In particular, you've regularly noticed shifty-looking people entering your house carrying a large black bag in order to steal your stuff.

    Now from this, you might draw the conclusion that it is time to get a door and lock it.

    Or you could set up a sophisticated system of cameras and image analyzing software that will scan everyone walking down your street and sound a loud alarm if one of them

  • I'd rather have this blacksheep [blacksheepbrewery.com] myself.
  • by mastershake82 (948396) on Monday November 08, 2010 @12:03PM (#34161864)
    Not because I care enough to use it to try to protect the 'sheep'. But I know that somebody will.

    I can't wait to be at Starbucks when a socially awkward 17 year old stands up triumphantly to save the day by alerting everyone that there is a 'Firesheeper' in the building hijacking their cookies!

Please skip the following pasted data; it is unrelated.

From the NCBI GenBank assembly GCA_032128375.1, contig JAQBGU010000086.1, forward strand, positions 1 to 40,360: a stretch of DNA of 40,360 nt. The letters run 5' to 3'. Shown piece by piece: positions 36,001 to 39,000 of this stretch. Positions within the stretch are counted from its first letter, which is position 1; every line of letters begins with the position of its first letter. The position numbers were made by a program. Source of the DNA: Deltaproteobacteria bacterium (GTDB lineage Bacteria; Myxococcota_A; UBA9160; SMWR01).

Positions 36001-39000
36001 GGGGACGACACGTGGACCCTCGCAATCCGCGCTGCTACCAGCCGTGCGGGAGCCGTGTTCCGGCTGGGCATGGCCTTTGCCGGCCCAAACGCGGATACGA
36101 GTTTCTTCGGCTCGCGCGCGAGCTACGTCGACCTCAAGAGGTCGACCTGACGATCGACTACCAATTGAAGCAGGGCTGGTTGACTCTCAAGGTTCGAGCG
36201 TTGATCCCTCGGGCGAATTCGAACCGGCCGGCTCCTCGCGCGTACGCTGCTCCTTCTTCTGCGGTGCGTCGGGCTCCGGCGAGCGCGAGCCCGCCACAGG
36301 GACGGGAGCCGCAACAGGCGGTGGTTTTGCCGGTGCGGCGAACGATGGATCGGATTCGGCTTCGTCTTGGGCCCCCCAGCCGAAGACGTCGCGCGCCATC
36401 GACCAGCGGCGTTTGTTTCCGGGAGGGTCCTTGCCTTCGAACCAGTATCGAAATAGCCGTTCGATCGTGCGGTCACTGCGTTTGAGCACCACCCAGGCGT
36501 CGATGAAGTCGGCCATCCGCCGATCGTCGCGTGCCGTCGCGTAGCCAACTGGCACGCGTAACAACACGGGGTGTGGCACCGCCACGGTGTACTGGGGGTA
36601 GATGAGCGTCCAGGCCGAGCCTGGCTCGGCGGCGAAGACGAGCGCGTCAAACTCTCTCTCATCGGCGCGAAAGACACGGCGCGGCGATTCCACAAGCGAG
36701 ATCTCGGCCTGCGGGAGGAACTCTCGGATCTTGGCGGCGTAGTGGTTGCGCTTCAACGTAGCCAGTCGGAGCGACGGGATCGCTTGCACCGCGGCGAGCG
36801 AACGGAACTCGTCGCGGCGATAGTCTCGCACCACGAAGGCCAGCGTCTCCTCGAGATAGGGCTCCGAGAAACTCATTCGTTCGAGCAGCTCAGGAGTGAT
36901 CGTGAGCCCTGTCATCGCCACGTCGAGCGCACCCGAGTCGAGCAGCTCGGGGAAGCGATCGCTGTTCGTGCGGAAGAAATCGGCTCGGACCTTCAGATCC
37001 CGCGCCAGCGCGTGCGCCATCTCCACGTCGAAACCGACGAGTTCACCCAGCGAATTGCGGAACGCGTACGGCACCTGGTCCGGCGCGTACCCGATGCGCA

• Re: (Score:3, Funny)

      by halcyon1234 (834388)
      The first amendment doesn't give you the right to shout "Firesheep" in a crowded Starbucks.
  • That's not much of a tripwire, since your odds of activating it are sorta low.
    What about FireShepherd [notendur.hi.is] which actively jams Firesheep?

    • by Fnord666 (889225)

      What about FireShepherd which actively jams Firesheep?

      Actively jams Firesheep or DDOS Facebook? The program sends a bogus request to Facebook with an interesting payload every 400ms. The assumption is that the payload somehow interferes with Firesheep. If enough people run this it could be interpreted as a DDOS attack.

  • by Syberz (1170343) on Monday November 08, 2010 @01:20PM (#34162802) Homepage

    No need to worry folks, the FireSheep guys will come up with SheepDog which will make sure that BlackSheep stays the hell put dagnabbit and you'll be able to spy on your friends again in no time.

  • BlackSheep is not a counter-measure, it doesn't attack Firesheep. It is only a detector.
  • 1) I can sniff and use the credentials later. Matter of fact, I would _only_ do that as I _know_ the other guy is active atm.
    2) It tells you if you are being sniffed after the fact
    3) Use a VPN while on public, shared networks. Always.